‘This case is different’
Nienstedt, who became archbishop in 2008, is known for his hard-line opposition to gay marriage, and more recently as an advocate of immigration reform.
Combating clergy sexual abuse was a priority for his predecessor, former Archbishop Harry Flynn, who helped forge the national bishops’ policies and procedures on the issue during the height of the church’s child abuse scandals a decade ago. Those policies dealt with issues ranging from assisting victims to priest treatment programs to protocol for investigating allegations.
Nienstedt has been following those procedures, which were updated last year, said archdiocese spokesman Jim Accurso.
The allegations that Vicar General Rev. Peter Laird withheld computer evidence of child pornography raises the problem to a higher level, said Bob Schwiderski, Minnesota director of Survivors Network of Those Abused by Priests (SNAP).
Laird wasn’t just another parish priest. He was second in command at the archdiocese, junior only to Nienstedt.
“Catholics and citizens who are inclined to say, ‘Ho hum, another Catholic sex scandal,’ should pay close attention here,’’ Schwiderski said. “This case is different.”
“Because several Catholic officials protected him, a priest who had thousands of images of child porn and might otherwise have spent the last decade in prison won’t go to prison,’’ he added.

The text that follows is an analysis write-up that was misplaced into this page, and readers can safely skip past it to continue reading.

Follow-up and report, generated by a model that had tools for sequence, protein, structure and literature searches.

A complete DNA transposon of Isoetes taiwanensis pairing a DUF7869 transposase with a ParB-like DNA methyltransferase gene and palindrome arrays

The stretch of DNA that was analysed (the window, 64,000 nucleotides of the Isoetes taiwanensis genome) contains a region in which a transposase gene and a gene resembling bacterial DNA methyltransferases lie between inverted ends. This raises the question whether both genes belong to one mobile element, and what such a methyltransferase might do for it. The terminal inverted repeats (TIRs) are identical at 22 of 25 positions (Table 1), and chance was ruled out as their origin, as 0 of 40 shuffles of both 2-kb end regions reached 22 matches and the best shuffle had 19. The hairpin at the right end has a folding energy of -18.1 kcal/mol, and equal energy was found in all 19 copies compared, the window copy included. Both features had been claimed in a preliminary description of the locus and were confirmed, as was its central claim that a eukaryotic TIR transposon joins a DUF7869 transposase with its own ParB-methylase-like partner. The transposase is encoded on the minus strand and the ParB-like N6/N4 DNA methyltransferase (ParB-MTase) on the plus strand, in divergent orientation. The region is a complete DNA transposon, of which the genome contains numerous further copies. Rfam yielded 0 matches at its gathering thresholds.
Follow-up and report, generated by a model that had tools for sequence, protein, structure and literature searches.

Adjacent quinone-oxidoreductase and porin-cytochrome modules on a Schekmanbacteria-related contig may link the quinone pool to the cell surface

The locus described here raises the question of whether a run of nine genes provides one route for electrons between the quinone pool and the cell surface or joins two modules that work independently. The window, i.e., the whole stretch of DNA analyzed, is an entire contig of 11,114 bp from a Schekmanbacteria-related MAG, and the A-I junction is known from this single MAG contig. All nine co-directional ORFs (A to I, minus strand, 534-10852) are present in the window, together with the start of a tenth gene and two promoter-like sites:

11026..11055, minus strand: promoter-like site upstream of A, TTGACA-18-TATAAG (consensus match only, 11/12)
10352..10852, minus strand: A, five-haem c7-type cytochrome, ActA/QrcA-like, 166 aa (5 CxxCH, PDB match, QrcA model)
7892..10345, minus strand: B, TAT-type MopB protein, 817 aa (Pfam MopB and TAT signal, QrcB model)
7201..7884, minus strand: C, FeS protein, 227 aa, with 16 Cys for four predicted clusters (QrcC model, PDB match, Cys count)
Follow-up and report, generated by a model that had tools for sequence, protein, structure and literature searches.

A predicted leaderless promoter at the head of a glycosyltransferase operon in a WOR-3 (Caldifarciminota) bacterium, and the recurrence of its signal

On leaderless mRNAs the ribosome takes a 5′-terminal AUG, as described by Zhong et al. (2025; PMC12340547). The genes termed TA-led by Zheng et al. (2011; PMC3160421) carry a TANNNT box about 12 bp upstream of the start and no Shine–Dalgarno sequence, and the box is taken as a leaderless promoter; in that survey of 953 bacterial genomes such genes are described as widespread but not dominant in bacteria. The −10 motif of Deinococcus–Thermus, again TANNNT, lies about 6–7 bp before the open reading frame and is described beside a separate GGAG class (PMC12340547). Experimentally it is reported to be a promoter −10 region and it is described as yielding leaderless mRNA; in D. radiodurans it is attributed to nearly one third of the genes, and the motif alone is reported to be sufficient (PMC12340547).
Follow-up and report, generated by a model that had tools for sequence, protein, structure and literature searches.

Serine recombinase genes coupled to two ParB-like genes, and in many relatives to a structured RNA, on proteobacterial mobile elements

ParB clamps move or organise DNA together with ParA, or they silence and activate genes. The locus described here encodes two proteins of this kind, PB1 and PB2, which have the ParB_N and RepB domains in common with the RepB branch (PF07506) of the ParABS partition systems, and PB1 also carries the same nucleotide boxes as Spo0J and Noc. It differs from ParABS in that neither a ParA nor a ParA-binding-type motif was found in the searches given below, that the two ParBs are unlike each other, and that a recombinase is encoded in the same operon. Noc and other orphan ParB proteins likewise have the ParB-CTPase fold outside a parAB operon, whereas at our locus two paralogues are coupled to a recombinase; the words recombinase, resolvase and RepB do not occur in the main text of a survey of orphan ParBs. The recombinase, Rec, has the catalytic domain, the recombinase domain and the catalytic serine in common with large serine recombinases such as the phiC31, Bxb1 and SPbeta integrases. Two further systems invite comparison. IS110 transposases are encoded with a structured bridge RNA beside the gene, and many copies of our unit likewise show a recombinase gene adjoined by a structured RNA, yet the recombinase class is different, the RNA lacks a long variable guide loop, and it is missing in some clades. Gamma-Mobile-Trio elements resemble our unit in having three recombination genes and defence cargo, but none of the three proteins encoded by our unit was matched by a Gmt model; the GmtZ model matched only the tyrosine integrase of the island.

The archdiocese, however, said the reports so far are incomplete and leave a “false impression” of events. It contends that while pornographic images were found on the computer that once belonged to a priest, none of it was child pornography. It also argues that Laird did nothing wrong.
“Father Laird has provided great leadership and excellent vision for this local Church, and I am grateful for his dedication and service to the Archdiocese,’’ Nienstedt said in a statement.
Laird will continue working for the archdiocese, including serving at the Church of the Presentation of the Blessed Virgin Mary in Maplewood.
List of abusers secret
The pornography allegations were revealed in a St. Paul courtroom last week where another topic looming over the archdiocese was at issue — its decision not to make public a list of 33 priests accused of sexual abuse involving minors.
While archdioceses in Milwaukee, Chicago and Baltimore, among others, have gone public with similar lists, the Twin Cities archdiocese has argued that making the list public would expose the names of innocent priests who have been falsely accused.
The archdiocese argues, however, that it has always considered sexual misconduct a top priority. As evidence, it cites the following actions:
Since 2002, when its current sexual misconduct policies were put in place, the archdiocese has offered training to about 70,000 adult lay workers, conducted 105,000 background checks on clergy, staff and volunteers; and provided over 100,000 children with “age-appropriate lessons to help keep them safe.’’
In the week ahead, the archdiocese is likely to release more information on the mission and membership of its new task force, Accurso said.
“When the policies were adopted in 2002, there was growing confidence that the problem would not continue, or at least that the church would address it quickly,’’ Briel said. “This [week’s allegations] shows more needs to be done.’’